Ginger Beef Stir Fry - Key ©

End Of An Era: In Just About Every Way Possible

Here’s a sad story (sad in so many dimensions) about the end of an iconic restaurant. Silver Inn Restaurant in Calgary was the home of Asian-American Ginger Beef. It’s also the end of that original trademark menu item, and the eatery’s famous street sign…

Silver Inn Sign - © 2022 SIlver InnSilver Inn Restaurant sign: Little but nuisance value –
to any but the family, who created Ginger Beef…

It seems to me to be the lowest of the low a sneak thief could sink to. Someone in Calgary, Alberta, came around in mid-afternoon – broad daylight, in other words – and stole Silver Inn Resto’s landmark street front sign right off the front of the building. If that wasn’t bad enough, it was this past Monday, the last day the resto would be open before its owners retired.

“While today was supposed to be a celebratory day with our first official day of retirement, we are heartbroken to see that someone has STOLEN our Silver Inn Restaurant sign,” wrote the restaurant’s owners in a Facebook post. “This sign has been with our family since the restaurant opened in this location [in] 1975.”

Even worse, perhaps, was that Monday was Canadian Thanksgiving, chosen by the owners, I suspect, as a symbolic gesture of thanks to their faithful fans and regulars.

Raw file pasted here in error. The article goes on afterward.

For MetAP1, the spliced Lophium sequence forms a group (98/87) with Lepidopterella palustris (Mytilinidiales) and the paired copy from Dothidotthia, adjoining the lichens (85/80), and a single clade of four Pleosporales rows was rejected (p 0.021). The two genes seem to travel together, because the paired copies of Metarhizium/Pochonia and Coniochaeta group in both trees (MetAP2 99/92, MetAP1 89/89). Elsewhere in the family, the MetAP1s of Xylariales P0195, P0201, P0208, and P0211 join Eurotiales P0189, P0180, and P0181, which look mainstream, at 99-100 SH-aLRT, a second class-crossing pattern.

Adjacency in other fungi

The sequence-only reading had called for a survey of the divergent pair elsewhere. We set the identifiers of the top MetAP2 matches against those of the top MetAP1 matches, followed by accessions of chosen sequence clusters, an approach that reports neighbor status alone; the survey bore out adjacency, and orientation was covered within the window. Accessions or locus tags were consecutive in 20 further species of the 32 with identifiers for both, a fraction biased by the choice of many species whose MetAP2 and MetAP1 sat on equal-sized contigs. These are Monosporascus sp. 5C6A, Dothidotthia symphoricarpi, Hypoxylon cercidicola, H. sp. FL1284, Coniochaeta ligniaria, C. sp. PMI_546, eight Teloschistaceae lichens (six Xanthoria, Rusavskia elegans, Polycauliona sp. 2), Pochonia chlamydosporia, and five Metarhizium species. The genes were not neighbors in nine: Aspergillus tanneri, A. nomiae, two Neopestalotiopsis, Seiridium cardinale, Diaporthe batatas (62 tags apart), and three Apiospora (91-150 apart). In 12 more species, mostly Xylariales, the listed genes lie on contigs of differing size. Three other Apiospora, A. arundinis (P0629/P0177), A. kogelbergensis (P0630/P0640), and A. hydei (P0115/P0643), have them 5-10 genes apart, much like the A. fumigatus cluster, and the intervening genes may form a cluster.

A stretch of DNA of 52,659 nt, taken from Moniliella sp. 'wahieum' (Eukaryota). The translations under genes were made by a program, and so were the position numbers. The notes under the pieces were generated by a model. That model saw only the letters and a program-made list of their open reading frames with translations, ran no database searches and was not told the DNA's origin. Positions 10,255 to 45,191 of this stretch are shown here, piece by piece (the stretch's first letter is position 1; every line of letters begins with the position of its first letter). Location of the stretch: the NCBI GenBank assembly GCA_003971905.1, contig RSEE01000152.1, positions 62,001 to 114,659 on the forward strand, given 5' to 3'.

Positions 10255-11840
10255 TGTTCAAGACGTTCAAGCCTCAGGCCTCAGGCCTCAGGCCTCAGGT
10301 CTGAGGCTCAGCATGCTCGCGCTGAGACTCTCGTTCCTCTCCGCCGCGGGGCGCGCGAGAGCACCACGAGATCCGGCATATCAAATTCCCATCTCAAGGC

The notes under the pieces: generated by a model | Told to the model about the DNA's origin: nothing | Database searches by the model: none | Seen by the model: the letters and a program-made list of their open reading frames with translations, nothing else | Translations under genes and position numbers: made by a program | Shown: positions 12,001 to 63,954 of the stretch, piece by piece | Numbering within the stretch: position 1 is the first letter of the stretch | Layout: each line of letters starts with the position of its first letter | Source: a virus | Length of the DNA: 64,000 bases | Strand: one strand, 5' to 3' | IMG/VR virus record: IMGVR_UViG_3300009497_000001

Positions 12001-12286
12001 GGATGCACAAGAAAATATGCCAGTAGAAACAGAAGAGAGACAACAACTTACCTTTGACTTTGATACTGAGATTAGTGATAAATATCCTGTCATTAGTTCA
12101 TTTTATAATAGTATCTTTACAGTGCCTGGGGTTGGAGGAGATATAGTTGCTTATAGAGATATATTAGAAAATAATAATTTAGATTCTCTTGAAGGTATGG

Ginger Beef truly iconic

Folks are still surprised – even shocked – to find that a staple of the classic Canadian-American Cantonese-style ‘Chinese’ menu was actually invented by the Silver Inn as late in the game as 1975. In fact, Canadian- and American-Chinese dishes were being created as early as the era of the great transcontinental railroads.

Two sisters, Louise Tsang and Lily Wong, arrived from Hong Kong in 1975 and wanted to open a restaurant. They had no trouble finding a site – a former café that was in pretty bad shape – except for a nearly-new sign, which they kept. For the next 47 years. They even moved the sign when they moved the eatery to larger premises in 1978.

Tsang and Wong always said their menu was Peking (Beijing) Style. And the sauce that made their Ginger Beef (see photo, top of page) to special was said to be classic ‘Beijing’.

Today, you’ll be hard-pressed to find a North American ‘Chinese’ resto menu that doesn’t include Ginger Beef.

My take

It seems pointless to abduct something like the Silver Inn sign. It’s priceless as a historic object. But it’s worthless as scrap or recycle material. Is it art? Not really. Though it is distinctive as the symbol of a Calgary classic. The truth is, it’s worth the most, in nostalgia terms, to Tsang’s and Wong’s heirs. They are clearly upset in the extreme, calling the theft a, “horrendous act of vandalism” in their Facebook post.

I suggest to the thieves, it’s not too late to make things right, and return the sign. Think about it… It’s more than a souvenir. It’s the physical manifestation of a famous family legacy.

~ Maggie